Similar findings are observed when normal mice are given human lupus serum or CSF containing anti DNA/anti-NMDAR antibody followed by administration of LPS. Human lupus anti-NMDAR antibody binds to hippocampal neurons in the mouse causing apoptotic neuronal loss . These mice also perform poorly in tests of memory function.
Another agent recognized to compromise the integrity of the BBB is epinephrine. When mice immunized with multimeric peptide and harboring high titers of anti-DNA/anti-NMDAR antibodies are given epinephrine systemically, the antibodies transit from the vasculature into the amygdala. The hippocampi of these mice are histologically normal and there are no cognitive deficits detected in testing of memory and learning functions . However, these mice do have impaired performance in a fear conditioning paradigm. In this paradigm, normal mice exposed to a neutral stimulus followed by a noxious stimulus learn to associate the noxious stimulus with the neutral one. Therefore, conditioned mice will freeze as soon as the neutral stimulus is delivered in anticipation of the noxious stimulus. Mice with antibody-mediated amygdala damage fail to freeze appropriately. Since there is no impairment of memory, the failure to freeze is a behavioral impairment. This study was highly informative for several reasons. It showed that anti-NMDAR antibodies could cause behavioral changes. It also showed that the same anti-NMDAR antibodies could result in two distinct manifestations of NPSLE. Finally, it showed that agents that breach the BBB do so with regional specificity. Thus antibody-related brain symptomatology will depend on the nature of the agent that permits antibody penetration into brain as well as the specific antibody.
These models demonstrate permanent loss of function either in the hippocampus or the amygdala. It is clear, however, in patients that some cognitive or behavioral changes are transient. We postulate that this reflects the observation that lower concentrations of antibodies are needed to affect synaptic plasticity than to cause apoptosis. Thus, low titers of antibody may lead to transient dysfunction and high titers lead to permanent impairment (Figure 1).
Multiple studies performed on cohorts in Asia, Europe and North America demonstrate that approximately 40–50% of patients have antibody reactivity to the DWEYS peptide. This reactivity is only observed in patients with anti-DNA antibody and, when the peptide-reactive antibodies are purified, they display cross-reactivity to DNA . Many studies have attempted to correlate the presence of these antibodies in serum with aspects of NPSLE. Two cross-sectional studies demonstrated correlations with cognitive impairment and depression [27, 61] and another study demonstrated a weak association between decreased amygdala size and serum anti-NMDAR antibody  but several other studies, including a prospective, longitudinal study, have found no correlations [63–65]. In general, there is no reproducible data to correlate serum titers of anti-NMDAR antibodies with any aspect of NPSLE.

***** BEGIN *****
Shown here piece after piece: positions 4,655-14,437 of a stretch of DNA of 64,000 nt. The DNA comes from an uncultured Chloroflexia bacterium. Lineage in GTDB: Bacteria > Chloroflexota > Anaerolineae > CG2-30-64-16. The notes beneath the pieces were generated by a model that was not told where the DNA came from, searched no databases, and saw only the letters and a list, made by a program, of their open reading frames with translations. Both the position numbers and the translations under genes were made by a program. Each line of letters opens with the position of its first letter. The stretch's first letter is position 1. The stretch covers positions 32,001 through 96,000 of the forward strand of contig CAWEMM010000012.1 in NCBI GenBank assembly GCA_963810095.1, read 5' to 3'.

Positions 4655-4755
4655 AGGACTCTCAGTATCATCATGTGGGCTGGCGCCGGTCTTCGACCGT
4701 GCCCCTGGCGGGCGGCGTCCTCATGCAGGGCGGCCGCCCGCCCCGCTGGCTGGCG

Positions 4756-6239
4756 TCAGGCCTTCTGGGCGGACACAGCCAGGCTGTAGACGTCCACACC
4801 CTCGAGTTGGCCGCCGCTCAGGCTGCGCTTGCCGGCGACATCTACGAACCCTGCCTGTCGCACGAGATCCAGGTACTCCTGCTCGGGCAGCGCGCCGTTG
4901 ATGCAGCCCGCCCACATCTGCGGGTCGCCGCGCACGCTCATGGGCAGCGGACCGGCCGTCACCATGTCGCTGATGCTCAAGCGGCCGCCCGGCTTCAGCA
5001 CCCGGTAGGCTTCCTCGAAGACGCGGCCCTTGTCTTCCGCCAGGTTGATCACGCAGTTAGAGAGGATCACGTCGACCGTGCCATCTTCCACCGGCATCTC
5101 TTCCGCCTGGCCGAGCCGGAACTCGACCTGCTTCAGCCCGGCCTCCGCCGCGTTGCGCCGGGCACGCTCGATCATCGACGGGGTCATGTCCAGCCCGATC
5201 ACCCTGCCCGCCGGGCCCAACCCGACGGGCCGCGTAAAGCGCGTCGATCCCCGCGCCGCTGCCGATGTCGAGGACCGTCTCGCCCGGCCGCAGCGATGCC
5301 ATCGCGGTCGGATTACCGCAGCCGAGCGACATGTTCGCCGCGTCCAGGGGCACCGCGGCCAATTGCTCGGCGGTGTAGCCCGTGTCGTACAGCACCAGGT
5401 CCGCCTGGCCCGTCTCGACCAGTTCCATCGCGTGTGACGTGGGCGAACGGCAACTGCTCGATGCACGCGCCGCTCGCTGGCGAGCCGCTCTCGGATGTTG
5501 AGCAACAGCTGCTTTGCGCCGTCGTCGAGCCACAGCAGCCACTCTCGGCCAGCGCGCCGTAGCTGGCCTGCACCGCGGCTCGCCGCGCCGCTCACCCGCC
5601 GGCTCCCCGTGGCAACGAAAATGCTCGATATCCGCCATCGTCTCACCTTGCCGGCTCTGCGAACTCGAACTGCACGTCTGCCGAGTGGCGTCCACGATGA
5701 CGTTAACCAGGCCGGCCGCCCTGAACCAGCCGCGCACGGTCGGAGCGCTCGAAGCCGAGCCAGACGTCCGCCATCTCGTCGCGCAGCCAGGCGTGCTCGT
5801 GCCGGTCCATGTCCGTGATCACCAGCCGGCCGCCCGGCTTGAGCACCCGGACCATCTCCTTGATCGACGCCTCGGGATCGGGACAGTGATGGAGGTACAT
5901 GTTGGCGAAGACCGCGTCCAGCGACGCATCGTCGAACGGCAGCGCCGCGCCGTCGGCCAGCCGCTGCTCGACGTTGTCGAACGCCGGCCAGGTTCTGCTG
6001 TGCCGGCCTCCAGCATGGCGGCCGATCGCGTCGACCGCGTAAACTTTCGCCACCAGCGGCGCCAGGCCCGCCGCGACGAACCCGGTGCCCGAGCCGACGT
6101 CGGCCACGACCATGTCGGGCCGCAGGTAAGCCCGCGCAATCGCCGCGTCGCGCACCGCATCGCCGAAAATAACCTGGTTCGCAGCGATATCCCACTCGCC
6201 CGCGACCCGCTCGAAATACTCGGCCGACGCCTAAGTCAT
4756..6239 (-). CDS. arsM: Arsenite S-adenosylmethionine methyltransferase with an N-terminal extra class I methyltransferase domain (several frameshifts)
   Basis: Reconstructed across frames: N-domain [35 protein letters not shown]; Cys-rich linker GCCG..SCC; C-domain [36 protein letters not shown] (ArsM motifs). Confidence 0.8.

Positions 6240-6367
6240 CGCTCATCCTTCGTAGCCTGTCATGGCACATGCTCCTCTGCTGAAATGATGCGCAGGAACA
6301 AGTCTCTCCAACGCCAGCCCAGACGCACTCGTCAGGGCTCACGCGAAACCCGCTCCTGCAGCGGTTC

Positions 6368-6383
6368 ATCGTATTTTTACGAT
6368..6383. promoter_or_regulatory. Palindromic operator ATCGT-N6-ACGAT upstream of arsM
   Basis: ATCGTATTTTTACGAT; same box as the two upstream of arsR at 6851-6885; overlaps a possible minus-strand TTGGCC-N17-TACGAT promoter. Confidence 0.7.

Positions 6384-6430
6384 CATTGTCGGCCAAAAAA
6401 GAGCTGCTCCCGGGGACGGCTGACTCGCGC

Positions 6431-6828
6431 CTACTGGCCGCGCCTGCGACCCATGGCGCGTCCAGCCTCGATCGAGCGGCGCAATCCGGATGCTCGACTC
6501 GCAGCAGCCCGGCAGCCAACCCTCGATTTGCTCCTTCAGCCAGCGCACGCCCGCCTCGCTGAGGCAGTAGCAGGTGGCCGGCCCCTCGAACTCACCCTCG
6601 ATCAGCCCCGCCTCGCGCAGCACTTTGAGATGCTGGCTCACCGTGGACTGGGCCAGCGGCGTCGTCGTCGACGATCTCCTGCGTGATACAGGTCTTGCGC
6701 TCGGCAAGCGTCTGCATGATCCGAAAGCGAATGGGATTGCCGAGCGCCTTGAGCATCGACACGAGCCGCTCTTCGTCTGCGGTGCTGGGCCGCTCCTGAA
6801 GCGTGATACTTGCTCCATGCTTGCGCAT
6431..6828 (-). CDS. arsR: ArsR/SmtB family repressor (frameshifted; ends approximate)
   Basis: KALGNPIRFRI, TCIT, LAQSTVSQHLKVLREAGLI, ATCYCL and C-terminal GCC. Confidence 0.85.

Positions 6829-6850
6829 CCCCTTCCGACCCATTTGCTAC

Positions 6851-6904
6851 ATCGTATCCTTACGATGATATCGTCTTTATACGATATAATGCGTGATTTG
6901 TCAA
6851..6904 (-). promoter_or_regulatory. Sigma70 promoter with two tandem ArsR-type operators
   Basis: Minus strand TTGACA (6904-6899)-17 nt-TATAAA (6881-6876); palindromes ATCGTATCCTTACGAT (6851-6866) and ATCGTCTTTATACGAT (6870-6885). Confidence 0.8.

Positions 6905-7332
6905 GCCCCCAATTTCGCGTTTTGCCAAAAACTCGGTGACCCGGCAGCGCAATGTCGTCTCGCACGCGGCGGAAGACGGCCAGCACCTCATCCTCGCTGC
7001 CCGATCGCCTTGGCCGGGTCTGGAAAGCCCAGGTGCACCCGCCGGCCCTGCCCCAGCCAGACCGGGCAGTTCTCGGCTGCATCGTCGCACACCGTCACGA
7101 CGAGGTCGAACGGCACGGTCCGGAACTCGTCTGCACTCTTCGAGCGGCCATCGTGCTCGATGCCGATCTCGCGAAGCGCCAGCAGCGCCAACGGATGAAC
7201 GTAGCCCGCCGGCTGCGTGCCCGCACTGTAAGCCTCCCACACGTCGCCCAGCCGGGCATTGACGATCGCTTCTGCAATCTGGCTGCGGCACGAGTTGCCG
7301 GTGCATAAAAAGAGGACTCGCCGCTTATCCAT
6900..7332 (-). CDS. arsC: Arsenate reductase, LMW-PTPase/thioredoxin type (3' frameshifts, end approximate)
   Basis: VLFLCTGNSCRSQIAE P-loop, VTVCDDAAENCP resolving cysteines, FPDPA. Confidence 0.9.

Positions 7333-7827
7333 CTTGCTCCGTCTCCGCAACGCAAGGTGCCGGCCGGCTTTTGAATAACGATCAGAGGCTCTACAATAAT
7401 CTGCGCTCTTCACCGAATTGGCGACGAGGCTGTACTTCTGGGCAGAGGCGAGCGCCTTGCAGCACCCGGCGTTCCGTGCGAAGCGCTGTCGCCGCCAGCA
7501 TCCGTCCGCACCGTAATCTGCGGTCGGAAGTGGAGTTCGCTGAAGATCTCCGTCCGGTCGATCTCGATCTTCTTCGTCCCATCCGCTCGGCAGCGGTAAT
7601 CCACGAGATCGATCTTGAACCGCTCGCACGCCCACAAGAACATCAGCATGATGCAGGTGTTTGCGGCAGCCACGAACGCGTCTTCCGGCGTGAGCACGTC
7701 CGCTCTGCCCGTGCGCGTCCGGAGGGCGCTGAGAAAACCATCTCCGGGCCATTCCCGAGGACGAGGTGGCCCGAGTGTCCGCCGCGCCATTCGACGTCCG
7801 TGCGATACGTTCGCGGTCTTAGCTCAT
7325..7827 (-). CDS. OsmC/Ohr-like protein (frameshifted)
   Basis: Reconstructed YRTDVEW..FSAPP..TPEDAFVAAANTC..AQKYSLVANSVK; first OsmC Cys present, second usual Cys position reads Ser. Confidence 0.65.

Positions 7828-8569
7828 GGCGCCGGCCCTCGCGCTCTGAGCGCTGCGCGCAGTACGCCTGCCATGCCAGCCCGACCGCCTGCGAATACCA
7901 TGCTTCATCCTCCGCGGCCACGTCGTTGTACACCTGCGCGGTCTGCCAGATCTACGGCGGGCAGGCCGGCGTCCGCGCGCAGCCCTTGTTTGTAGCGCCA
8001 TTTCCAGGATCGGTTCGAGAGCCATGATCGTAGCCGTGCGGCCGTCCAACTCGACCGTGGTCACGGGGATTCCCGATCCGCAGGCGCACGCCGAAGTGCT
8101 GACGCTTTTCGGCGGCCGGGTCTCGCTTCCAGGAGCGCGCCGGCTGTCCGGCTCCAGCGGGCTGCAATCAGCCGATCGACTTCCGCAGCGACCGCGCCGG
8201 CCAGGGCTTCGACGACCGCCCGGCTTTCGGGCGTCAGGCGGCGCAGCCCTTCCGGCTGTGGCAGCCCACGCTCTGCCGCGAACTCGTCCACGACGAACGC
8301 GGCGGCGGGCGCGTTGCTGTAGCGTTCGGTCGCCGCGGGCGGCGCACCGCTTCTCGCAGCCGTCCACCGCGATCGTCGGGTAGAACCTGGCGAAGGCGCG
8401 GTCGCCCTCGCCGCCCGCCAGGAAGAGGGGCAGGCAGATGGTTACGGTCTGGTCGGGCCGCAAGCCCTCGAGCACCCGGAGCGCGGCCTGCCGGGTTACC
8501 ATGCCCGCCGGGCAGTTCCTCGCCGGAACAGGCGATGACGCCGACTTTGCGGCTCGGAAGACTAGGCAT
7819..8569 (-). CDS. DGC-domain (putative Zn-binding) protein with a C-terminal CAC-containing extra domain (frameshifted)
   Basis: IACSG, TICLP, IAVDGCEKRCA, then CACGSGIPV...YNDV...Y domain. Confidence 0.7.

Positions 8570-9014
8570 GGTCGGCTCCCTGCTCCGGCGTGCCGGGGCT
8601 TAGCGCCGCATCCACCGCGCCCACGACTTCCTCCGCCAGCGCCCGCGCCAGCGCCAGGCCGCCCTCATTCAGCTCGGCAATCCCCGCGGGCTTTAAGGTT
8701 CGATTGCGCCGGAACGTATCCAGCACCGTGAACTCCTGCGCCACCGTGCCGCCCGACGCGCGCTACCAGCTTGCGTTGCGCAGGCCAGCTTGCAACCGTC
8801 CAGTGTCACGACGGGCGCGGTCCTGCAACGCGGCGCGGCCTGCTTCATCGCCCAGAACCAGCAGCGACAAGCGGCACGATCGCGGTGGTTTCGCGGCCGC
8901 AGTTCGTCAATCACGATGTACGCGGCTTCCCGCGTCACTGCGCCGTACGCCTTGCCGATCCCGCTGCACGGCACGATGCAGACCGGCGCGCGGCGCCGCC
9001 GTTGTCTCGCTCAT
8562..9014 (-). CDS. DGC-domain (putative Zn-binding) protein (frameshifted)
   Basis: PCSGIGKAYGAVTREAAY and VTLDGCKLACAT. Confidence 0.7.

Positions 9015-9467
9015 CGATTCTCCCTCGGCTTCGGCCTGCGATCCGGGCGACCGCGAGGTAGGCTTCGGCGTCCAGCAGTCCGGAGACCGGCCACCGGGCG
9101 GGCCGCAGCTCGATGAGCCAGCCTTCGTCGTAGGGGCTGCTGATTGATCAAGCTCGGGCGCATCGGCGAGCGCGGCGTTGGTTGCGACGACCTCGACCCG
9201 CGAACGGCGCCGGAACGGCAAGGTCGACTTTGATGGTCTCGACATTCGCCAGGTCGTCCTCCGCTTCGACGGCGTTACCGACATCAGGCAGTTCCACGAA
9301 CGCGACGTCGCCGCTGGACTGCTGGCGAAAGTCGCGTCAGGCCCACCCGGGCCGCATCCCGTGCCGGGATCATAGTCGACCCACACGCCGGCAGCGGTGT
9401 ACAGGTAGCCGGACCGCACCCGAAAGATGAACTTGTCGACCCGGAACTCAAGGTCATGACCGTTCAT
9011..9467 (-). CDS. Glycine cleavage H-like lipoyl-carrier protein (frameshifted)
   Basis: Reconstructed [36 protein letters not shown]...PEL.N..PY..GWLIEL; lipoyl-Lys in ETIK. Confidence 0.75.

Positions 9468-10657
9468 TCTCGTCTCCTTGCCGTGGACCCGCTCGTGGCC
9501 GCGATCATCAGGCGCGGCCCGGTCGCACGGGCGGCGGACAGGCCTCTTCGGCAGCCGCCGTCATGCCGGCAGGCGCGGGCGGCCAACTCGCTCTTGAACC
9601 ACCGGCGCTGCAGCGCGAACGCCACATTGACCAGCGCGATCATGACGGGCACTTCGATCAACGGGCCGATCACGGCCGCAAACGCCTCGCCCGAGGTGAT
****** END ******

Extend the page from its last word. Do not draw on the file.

More recently, some studies have explored CSF titers of these antibodies. Anti-NMDAR antibody present in CSF of lupus patients cross-reacts with DNA, is neurotoxic and is functionally indistinguishable from the serum antibody. In contrast to serum titers, the presence of these antibodies in the CSF correlates with acute, diffuse CNS manifestations of NPSLE that include seizure disorders, acute confusional state, psychosis, severe, refractory headache and cerebrovascular disease. Moreover, titers correlate with symptom severity [66, 67]. A six month follow-up of CSF from patients studied at the time of an acute episode showed a decrease but not a total absence of CSF anti-NMDAR antibody . Thus, antibody may be present in the CSF of patients without clinically apparent CNS disease. Further studies may determine whether antibody, anti-NMDAR antibody or others, can account for the insidious manifestations of disease, the changes in cognitive function and mood that occur in individuals who never have manifested acute clinical CNS disease.
It is interesting to note that the presence of anti-NMDAR antibody in serum or in CSF fails to correlate with peripheral nervous system manifestations of SLE. Undoubtedly, this reflects the absence of NMDARs on peripheral nerves. Compared to other autoantibodies studied; anti-DNA, ANA, anti-ribosomal p, and anticardiolipin antibodies, anti-NMDAR antibodies have been shown to clearly distinguish between patients with central, diffuse CNS manifestations and those with peripheral nervous system involvement and those with no NP. It also underscores the need when studying “NPSLE” to consider central and peripheral manifestations separately as the pathogenic agents and mechanisms are likely to be quite distinct.